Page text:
Sunday, December 8, 2013

Gear Up: What's in your tool bag?

"If you only have a hammer, everything looks like a nail." - Traditional Proverb*

Any musician knows that you can never have enough stuff. Whether it's reeds, mouthpieces, picks or strings, you need tools at your disposal. For percussionists, this means sticks and mallets - and a lot of them - and a variety of other small instruments and tools.

One of my students recently asked me which was my most expensive single bag or case. I pointed to three: a cymbal bag (lots of metal means lots of dough!), DW kick drum, and my mallet bag. The last one surprised him.

"Isn't that just all your sticks and stuff?" Yes. It is. And it's maybe my most valuable bag - if not monetarily, then certainly practically.

Think of yourself like a construction worker.** Even if you only have one specific job, like framing, you are going to need a wide range of tools. Hammers, a variety of saws, measuring tapes, levels, squares, nail guns and air compressor (if you're using pneumatics), and more - not to mention special tools for problem solving, like a jigsaw or power drill, and all of the accessories. And if a tool fails, you'd better have a backup. Can't be running to the hardware store while your partner holds up a wall!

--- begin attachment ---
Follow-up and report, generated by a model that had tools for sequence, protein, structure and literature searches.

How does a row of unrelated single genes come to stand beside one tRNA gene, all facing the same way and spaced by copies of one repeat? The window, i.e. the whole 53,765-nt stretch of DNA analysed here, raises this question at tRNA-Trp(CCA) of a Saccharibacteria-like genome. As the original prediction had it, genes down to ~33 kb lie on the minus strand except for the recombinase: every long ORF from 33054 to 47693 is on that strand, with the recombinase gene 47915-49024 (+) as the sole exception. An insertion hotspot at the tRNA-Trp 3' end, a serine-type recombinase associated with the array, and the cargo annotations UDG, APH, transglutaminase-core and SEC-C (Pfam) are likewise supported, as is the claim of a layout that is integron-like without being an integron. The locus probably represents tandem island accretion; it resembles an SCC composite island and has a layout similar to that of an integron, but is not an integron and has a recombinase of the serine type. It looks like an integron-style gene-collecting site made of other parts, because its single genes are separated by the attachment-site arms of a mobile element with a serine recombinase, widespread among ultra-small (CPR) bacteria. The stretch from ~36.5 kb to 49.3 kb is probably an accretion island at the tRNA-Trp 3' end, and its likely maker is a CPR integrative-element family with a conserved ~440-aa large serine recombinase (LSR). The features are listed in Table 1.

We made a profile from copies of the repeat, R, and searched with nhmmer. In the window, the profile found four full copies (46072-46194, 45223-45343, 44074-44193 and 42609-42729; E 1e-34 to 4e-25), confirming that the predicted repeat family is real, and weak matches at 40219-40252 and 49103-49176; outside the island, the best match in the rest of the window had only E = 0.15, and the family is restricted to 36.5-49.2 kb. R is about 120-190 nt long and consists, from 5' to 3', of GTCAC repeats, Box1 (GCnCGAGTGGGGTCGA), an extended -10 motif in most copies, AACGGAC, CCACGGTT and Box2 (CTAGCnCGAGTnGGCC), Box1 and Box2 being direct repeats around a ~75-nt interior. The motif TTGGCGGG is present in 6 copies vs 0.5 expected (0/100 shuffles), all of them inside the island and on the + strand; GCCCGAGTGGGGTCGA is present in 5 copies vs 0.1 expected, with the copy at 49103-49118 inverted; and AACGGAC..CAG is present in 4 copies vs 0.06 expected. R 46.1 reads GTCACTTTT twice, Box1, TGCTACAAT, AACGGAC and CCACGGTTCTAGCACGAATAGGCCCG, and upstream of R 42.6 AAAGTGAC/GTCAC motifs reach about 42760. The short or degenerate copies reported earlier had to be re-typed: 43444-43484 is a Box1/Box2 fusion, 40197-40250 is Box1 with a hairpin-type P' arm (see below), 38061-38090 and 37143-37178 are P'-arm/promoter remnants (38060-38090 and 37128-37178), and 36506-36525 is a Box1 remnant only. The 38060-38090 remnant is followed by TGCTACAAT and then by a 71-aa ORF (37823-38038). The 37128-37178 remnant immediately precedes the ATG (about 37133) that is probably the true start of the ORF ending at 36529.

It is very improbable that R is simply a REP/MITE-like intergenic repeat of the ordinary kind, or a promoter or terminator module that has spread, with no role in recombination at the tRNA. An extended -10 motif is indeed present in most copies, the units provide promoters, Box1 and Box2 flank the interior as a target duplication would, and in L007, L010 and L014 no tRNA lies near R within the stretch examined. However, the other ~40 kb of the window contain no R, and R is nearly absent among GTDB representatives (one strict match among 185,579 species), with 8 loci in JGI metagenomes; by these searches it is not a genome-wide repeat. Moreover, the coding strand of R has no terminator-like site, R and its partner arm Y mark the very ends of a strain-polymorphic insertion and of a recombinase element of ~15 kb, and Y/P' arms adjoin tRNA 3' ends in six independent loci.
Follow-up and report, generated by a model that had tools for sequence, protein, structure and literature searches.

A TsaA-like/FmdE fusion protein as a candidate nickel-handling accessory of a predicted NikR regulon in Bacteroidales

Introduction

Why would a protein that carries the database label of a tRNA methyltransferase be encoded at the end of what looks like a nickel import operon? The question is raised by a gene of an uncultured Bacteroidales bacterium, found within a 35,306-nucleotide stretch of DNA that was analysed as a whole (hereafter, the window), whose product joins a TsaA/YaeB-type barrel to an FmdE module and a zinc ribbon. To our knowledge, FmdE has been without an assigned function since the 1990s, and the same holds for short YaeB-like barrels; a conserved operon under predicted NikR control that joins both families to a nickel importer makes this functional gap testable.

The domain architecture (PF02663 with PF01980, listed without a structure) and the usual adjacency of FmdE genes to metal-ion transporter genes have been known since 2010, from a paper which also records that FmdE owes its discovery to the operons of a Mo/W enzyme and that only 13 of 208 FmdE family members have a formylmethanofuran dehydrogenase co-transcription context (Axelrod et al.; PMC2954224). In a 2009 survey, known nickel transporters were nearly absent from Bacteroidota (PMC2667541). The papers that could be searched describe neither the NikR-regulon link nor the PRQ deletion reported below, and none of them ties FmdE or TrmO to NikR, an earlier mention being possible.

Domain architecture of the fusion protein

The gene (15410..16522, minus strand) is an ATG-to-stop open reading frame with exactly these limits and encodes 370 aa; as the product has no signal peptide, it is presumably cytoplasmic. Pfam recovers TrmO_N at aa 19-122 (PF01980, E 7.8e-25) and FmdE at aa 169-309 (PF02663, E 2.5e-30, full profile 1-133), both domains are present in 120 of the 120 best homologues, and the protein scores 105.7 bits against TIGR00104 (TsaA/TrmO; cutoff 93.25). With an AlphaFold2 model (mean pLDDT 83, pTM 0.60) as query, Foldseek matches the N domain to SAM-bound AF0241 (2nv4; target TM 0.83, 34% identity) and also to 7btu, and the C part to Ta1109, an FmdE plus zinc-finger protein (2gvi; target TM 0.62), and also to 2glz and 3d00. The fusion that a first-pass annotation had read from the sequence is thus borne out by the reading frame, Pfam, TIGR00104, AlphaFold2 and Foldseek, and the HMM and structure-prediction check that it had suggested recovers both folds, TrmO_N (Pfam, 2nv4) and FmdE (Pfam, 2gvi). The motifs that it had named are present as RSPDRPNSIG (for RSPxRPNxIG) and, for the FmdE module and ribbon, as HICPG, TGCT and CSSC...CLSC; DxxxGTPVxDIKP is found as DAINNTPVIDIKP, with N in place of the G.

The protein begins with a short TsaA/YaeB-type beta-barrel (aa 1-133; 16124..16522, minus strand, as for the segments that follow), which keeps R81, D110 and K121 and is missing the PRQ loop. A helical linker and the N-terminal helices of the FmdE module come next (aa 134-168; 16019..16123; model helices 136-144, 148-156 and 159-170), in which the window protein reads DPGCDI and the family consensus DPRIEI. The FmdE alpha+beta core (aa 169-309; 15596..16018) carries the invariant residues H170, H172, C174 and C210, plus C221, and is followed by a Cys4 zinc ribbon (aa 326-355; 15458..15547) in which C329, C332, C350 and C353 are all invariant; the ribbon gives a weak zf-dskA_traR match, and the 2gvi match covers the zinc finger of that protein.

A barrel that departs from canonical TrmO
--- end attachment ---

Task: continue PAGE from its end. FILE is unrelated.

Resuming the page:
For every tool you don't have, you either can't do the specific task, or you'll do it with the wrong tool. And if you do it with the wrong tool, you're not likely to do it well - if you can do it at all - and it will be a lot harder than it needs to be.

Drummers and percussionists are actually a lot like the construction worker in our example. We need to have tools in our bag that will allow us to play a wide variety of styles and instruments at a moment's notice on any gig.

You can find literally thousands of lists of tools you should have in your gig bag, and many of them are extensive. Specific brands and models are the subject of another blog post (or several), but here's a bare minimum list of a few things I think are critical on any and every gig for a percussionist.

Light, medium and heavy drum set sticks.